One gross difference between millipedes and earthworms is that millipedes can excrete an odorous liquid from their side glands. This liquid smells but it can also cause minor blisters on your hands if touched, so you should wash your hands after handling it. And therefore I’d also recommend not stomping on or crushing millipedes as it’ll make a smelly mess. On rare occasions, people can also be allergic to the liquid millipedes secrete.
Note: whilst millipedes can’t bite, centipedes CAN so be careful!
The easiest natural way to remove millipedes from your basement is to vacuum them and subsequently dispose of them outside. Or you can sweep them up and put them into a bucket of soapy water to kill them.
Use a Bug Spray or insecticide
Alternatively, if you don’t want to wait the bugs out, you can use a bug spray to kill them and get rid of them that way. This is the faster option, of course, and you can begin the process of prevention more quickly while knowing none still exist within the house.
Note: before using any kind of insecticide inside the house, you should carefully check whether the insecticide is intended for indoor usage and that it’s safe to do so.
Earthworm bug spray or insecticide
In order to kill earthworms you should use a carbamate insecticide.
Millipede or centipede bug spray or insecticide
Treat both the indoors and the outdoors
Since worms and millipedes have likely entered your home through the outdoors, it’s possible you also have an infestation in your backyard. Therefore it’s prudent to treat both the lawn in addition to your basement to avoid pests returning.
Indoors – Put the treatment somewhere it won’t get disturbed such as behind appliances or along the walls beneath the furniture. You can also get general insect traps (on Amazon) that you can leave in strategic locations.
Outside – You should carefully treat any entry points to your property, including cracks in the walls. Doors, windows, and vent openings are other problem areas. Pay particular attention to treating the foundation floor of the basement. It’s far easier to keep pests outside the home than to have to treat them.
How to Prevent Worms From Entering Your Basement
The best way to get rid of worms in the basement is to prevent them from entering in the first place because they can invade in the hundreds. Here’s how to go about it:
Finish Your Basement
Worms are much more common in unfinished basements. After all, finished basements typically aren’t damp, dark spaces filled with exactly the kind of moisture worms are attracted to!
Finishing your basement can be an expensive and time-consuming project, but there are many benefits — and not just the lack of worms moving forward.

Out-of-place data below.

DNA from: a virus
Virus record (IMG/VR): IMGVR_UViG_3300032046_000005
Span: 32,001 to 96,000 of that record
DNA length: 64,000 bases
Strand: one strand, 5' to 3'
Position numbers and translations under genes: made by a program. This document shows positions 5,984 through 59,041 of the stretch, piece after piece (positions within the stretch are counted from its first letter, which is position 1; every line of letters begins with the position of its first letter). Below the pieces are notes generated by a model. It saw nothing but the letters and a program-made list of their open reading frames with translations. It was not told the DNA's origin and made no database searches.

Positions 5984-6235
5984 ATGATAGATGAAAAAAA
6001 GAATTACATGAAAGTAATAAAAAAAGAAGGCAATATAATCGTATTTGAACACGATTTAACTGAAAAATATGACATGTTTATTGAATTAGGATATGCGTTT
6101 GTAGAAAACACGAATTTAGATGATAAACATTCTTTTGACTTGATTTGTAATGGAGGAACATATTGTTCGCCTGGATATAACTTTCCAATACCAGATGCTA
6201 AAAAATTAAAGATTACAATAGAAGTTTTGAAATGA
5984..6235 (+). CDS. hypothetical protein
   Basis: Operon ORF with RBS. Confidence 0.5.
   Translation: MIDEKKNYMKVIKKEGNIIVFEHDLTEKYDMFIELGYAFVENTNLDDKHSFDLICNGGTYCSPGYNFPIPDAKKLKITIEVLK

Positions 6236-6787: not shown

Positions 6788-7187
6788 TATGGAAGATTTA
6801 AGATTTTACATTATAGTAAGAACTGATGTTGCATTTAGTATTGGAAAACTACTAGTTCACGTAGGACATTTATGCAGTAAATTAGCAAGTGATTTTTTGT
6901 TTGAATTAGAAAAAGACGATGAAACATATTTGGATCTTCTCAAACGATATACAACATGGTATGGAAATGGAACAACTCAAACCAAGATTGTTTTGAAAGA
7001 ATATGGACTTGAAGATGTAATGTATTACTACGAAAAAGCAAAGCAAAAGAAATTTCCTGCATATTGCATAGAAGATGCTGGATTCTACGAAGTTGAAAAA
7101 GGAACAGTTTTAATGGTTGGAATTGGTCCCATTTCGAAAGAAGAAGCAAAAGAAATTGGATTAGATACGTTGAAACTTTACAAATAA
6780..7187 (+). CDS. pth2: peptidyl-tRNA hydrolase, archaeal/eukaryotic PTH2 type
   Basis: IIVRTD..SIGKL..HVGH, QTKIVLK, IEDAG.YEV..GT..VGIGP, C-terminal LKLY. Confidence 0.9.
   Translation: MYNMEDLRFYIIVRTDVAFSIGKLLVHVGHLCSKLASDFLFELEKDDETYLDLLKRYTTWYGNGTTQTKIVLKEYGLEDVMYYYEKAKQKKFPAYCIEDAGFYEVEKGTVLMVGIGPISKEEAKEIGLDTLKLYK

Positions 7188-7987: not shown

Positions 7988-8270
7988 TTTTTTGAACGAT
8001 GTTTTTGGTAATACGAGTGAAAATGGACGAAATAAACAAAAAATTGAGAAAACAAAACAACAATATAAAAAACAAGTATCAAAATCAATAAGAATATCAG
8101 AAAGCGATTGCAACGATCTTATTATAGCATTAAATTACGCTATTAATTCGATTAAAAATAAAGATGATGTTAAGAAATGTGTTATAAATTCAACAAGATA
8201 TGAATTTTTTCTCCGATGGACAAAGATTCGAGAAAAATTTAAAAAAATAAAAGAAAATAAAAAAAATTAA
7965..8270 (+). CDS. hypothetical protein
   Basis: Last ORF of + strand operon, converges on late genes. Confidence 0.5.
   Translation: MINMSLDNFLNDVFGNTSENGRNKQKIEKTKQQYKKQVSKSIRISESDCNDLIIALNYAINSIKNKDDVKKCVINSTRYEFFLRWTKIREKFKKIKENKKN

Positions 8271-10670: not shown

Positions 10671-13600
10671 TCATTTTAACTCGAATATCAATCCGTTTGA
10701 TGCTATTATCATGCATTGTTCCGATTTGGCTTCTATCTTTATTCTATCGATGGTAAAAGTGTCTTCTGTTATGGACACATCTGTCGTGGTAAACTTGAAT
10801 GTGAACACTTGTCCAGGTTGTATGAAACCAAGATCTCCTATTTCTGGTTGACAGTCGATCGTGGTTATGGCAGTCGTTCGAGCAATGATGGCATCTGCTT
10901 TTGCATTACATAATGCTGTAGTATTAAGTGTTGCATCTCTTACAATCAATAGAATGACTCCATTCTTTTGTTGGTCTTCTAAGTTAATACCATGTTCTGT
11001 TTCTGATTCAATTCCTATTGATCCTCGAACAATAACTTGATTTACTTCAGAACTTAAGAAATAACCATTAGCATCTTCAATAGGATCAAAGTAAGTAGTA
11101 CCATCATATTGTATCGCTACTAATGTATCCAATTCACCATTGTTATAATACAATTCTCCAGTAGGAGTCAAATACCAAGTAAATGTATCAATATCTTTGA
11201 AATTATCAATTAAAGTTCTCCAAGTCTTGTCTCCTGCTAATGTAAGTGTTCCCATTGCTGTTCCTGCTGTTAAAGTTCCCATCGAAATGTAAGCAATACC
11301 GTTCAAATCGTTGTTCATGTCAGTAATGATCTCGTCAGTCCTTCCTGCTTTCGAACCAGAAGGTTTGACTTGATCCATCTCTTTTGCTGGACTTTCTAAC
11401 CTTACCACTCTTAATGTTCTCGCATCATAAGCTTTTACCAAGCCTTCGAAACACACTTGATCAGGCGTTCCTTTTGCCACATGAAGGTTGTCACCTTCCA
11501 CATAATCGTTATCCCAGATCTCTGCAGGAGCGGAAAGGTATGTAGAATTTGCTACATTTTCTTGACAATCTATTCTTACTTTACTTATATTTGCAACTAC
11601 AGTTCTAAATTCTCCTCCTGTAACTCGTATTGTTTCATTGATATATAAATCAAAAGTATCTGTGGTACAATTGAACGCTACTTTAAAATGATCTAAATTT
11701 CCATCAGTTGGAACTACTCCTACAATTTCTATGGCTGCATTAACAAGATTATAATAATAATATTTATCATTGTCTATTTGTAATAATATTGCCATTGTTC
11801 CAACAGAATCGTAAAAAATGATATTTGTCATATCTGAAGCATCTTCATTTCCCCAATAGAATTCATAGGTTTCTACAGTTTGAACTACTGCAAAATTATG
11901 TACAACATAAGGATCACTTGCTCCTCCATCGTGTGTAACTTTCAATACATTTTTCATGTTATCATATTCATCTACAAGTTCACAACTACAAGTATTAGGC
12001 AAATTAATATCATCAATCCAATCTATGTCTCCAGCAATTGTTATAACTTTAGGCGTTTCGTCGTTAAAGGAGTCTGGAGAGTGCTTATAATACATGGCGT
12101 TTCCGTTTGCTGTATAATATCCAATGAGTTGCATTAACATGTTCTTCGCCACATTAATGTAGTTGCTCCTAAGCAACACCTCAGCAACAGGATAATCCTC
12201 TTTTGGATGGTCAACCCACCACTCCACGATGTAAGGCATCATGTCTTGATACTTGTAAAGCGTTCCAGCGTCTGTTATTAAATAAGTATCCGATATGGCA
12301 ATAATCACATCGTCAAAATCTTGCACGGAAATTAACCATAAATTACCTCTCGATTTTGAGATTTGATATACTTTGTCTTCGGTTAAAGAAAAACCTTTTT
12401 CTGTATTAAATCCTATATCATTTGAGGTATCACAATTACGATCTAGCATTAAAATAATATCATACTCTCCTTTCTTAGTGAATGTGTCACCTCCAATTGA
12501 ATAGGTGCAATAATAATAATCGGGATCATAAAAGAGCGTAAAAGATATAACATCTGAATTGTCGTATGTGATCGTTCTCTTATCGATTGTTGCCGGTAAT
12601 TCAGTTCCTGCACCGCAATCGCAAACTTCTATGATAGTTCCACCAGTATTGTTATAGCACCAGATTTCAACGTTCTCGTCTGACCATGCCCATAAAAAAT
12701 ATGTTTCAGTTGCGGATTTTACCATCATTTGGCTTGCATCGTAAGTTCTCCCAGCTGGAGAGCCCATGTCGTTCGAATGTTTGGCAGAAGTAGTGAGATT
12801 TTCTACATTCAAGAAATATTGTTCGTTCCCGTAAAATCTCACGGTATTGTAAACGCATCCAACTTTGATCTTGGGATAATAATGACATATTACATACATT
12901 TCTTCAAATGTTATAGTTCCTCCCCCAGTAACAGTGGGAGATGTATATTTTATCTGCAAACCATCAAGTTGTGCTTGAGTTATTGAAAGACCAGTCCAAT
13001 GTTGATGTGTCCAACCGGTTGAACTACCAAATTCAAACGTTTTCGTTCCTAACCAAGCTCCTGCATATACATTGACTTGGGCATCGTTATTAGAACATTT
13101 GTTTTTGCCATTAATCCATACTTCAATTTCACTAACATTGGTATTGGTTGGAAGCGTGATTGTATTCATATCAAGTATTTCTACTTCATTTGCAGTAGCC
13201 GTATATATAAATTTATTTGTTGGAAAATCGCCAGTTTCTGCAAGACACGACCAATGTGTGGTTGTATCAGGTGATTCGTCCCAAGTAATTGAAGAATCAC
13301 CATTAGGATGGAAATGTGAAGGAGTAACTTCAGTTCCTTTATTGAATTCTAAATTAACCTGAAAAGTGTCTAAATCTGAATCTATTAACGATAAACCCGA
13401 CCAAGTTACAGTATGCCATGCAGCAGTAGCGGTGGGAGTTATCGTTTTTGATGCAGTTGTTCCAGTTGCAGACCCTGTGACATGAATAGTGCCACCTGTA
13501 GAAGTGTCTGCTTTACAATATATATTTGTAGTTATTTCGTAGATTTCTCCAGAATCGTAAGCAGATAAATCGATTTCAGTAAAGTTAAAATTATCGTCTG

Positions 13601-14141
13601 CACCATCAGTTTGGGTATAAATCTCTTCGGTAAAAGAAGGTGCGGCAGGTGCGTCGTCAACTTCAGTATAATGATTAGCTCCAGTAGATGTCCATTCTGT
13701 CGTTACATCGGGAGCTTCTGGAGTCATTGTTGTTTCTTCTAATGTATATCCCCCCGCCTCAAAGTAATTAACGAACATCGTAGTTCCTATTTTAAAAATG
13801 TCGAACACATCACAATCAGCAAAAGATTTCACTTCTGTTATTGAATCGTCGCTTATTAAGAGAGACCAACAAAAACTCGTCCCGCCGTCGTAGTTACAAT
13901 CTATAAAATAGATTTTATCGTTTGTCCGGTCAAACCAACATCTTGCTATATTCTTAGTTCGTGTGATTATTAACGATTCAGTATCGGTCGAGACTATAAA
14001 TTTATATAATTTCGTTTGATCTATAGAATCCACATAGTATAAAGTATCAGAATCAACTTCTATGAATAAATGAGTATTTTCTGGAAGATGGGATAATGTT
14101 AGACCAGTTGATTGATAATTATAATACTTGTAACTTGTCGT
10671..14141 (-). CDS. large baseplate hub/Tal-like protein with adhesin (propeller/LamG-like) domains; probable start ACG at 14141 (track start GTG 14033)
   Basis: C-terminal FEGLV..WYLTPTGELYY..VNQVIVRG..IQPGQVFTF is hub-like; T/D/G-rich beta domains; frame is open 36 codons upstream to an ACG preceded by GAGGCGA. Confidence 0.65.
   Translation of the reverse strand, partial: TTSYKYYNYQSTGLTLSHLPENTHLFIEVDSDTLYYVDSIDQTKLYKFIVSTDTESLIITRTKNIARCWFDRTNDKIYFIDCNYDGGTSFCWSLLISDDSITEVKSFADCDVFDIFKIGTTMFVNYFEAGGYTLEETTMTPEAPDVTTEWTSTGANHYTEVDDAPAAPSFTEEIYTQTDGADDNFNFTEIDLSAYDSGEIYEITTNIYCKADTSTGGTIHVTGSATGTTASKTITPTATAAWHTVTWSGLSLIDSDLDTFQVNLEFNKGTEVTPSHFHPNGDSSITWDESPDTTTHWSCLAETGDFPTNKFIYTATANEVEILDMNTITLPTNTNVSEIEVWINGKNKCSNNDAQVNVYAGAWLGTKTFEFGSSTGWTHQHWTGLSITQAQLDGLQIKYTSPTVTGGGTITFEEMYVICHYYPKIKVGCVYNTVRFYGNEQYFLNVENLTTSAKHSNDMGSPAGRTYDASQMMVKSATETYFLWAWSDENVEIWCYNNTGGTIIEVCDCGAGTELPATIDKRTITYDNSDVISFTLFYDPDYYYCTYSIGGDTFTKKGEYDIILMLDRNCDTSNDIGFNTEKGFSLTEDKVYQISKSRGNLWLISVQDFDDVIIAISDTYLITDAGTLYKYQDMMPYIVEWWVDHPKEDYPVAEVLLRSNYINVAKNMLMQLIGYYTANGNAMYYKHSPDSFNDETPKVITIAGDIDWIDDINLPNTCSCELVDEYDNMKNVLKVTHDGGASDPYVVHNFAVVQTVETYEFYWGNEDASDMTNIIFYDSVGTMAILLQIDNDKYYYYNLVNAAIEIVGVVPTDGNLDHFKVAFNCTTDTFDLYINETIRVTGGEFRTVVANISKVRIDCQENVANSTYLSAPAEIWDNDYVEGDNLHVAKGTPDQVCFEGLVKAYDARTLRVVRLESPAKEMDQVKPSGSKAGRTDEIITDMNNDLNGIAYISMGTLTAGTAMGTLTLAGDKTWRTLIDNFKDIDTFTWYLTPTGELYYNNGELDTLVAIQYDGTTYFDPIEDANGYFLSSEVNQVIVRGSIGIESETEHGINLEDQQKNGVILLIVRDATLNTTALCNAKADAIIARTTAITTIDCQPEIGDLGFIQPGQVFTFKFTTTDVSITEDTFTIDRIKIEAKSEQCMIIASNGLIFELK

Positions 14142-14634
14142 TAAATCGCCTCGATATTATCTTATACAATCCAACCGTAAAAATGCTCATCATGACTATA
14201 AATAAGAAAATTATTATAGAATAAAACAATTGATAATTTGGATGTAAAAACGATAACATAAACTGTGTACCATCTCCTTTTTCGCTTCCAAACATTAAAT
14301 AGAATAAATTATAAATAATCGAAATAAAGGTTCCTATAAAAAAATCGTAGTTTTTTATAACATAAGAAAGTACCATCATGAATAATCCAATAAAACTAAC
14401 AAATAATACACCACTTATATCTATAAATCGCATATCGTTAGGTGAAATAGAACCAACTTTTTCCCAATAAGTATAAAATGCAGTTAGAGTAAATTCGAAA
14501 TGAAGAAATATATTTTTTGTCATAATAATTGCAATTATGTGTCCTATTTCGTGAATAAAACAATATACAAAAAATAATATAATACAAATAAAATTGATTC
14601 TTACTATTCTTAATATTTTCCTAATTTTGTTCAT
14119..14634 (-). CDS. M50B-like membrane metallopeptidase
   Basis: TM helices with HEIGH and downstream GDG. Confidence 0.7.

Seal Up Cracks in Doors and Windows
Make sure to seal up the doors in your basement and, if applicable, any windows. Worms can squeeze in through the smallest of spaces, and the more spaces that you manage to seal up, the less chance there is of any of the bugs getting in.
Make sure you also check for cracks between the foundation and the doorway. You can seal these up using caulk (which you can buy on Amazon).
Use a Repellant
One of the simplest fixes is to purchase a repellent (on Amazon) and spray it around potential entrances to the basement.
Even if you think you’ve sealed up every crack in the basement, worms are tiny and it’s very likely they’ve found a place where they can still squeeze through. Spraying around the edges of your house gives you another barrier of protection.
However, if you have pets, you should make sure to use a spray that isn’t toxic to them, or keep them out of the basement. Many bug sprays can be poisonous to animals. Place your repellent in places near the cracks but where your pets can’t get to them, like under a dresser or shelves.
Clear the Edges
Another prevention technique is to clear the edges around your house of any debris or wet mulch. Worms find their way into your basement because they’re attracted to the space — so if you make sure there’s no clear indication that it might be a great place for them to live, there’s a much lower chance of them finding their way inside.
You can also make sure that there are no damp spots inside the house. Worms have great senses despite the fact that they’re mostly blind, and it’s amazing what they can sniff out.
The last good tip for pests in general (not just worms) is to practice good hygiene around the house. If there’s anything that has a strong stench (and remember, animals have stronger senses than us!), then pests may be attracted to it. Make sure you clean thoroughly, take out the trash regularly, and keep up with household tasks.
As with many home maintenance issues, an ounce of prevention is worth a pound of maintenance and management: try to practice good housekeeping around your house and keep things clean, which will make issues like this rarer and easier to deal with in general.
At the end of the day, it’s very common for worms to end up in the basement. It isn’t necessarily a sign that you aren’t being clean or that something is wrong.
Nonetheless, it’s best to keep them out since they can be an inconvenience. Make sure you focus on prevention methods like sealing up the house, using repellent, and reducing dampness and mulch around the foundation so that the worms don’t have a reason to enter.